Wool is the part of the SLAY film, and I was line producer for that portion of the film.
So it’s something we have spent quite a bit of time on.
D: Tell us about your book ‘How Veganism Can Save Us’. How did that come about? Has writing always been part of your creativity?
E: I've always really liked writing and mum is a writer, among other things, that she does really well. Watching her showed me that that was something I could also do if I wanted to.
I saw a book as an important mode of transportation for an idea. ‘How Veganism Can Save Us’ is supposed to be an entry level look at veganism. The title is probably quite provocative to a lot of people, but the idea is that veganism can save us if we acknowledge it as part of a broader movement for social justice and total liberation, it's not something that exists on its own. We can't work for the goal of a collectively liberated world if we're not also acknowledging that veganism is a part of that, because of the ways that the animal industrial complex that commodifies animals harms them, but in turn harms us and harms the planet. It's at the core of so many things, and the book aims to unwrap that issue because there are a lot of interconnected issues that people don't necessarily think about.
There is a portion of the book that talks about the link between feminism, patriarchy and eating meat. It also looks at how we have dehumanised some people in order to justify oppressing them and to dehumanise is to animalise someone, to see them as an animal. When you see anyone as an animal, that's when they can be exploited. So if we keep seeing animals as worth nothing and able to be exploited then we will continue to see issues everywhere. The book tries to make those connections, it’s split into a section on the planet, a section on people, and then on animals, and then at the end on collective liberation, and how all of those issues are our issues collectively.
D: When you show how everything intersects like this it really helps towards a deeper understanding.
What sort of shift in thinking would you like to see? I know you're working on a lot of legislative change. We talk about the fact that the fashion movement and fashion industry move slowly as far as change is concerned, governments can be the same, or worse. Then when legislation is put in place, it's not necessarily always adhered to.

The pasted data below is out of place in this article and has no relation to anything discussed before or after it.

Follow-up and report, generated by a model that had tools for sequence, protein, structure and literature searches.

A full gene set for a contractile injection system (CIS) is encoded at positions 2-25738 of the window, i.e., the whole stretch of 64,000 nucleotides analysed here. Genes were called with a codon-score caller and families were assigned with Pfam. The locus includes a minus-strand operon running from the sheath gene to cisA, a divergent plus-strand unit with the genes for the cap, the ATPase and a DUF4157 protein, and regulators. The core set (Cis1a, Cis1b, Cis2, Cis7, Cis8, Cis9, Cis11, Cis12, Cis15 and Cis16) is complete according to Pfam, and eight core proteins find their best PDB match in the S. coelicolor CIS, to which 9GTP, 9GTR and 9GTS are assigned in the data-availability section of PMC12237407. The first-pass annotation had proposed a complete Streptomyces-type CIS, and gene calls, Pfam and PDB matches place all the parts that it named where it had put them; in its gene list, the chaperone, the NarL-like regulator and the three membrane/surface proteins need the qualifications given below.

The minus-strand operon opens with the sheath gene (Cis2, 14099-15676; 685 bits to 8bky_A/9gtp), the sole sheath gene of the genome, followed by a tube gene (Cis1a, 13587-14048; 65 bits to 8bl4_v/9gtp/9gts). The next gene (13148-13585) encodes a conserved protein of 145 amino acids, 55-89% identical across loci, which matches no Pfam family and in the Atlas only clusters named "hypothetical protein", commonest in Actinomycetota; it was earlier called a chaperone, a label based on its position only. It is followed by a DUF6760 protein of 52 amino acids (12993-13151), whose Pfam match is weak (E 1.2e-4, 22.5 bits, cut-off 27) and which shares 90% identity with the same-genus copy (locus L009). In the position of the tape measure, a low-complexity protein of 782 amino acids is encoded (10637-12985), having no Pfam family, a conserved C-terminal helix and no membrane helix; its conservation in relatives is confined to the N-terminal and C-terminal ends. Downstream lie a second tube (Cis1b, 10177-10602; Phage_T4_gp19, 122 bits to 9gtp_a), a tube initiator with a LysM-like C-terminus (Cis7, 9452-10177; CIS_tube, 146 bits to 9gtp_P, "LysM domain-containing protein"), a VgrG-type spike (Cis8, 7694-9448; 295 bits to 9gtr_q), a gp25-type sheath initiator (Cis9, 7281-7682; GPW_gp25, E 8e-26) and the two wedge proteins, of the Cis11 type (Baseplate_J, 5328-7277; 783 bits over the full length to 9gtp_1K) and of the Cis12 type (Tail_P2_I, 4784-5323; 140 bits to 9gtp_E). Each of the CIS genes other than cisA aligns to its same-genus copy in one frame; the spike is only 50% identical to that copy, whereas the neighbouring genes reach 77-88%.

E: To create change you must create it across the board. There has to be cultural change, legislative change and industry change all at once so they all bounce off of each other. I don't think there is 1 silver bullet solution. I do think that if we took anti speciesism to its core and saw it in the same way as any other form of oppression, I think that that would result in a lot of legislative change, and a lot of industry change, also a lot of change in how we engage with each other too.
For the book at least, the goal there is to have that cultural shift.
D: How long did it take you to write the book?
E: Actually, I wrote a different book first, which is coming out later. They swapped places because this one is the more entry level one. The first one I wrote took longer to write because of the research, which then helped to inform this one.
I wrote them both in that 2 year period of lockdown where I had plenty of time because I couldn't do many other things.
D: As we speak you're in Europe, you are here to promote SLAY with Waterbear. Are you also getting time to promote your book ‘How Veganism Can Save Us?
E: I mention the book when I can, but it's not why I'm here, I'm here to promote SLAY. At the same time, I am using that and using the engagement I'm having with friends at screenings to build connections within the fashion industry, with designers and corporate social responsibility managers who I can get to think differently about animal materials in ways they might not have thought about before and help them set targets for moving beyond them.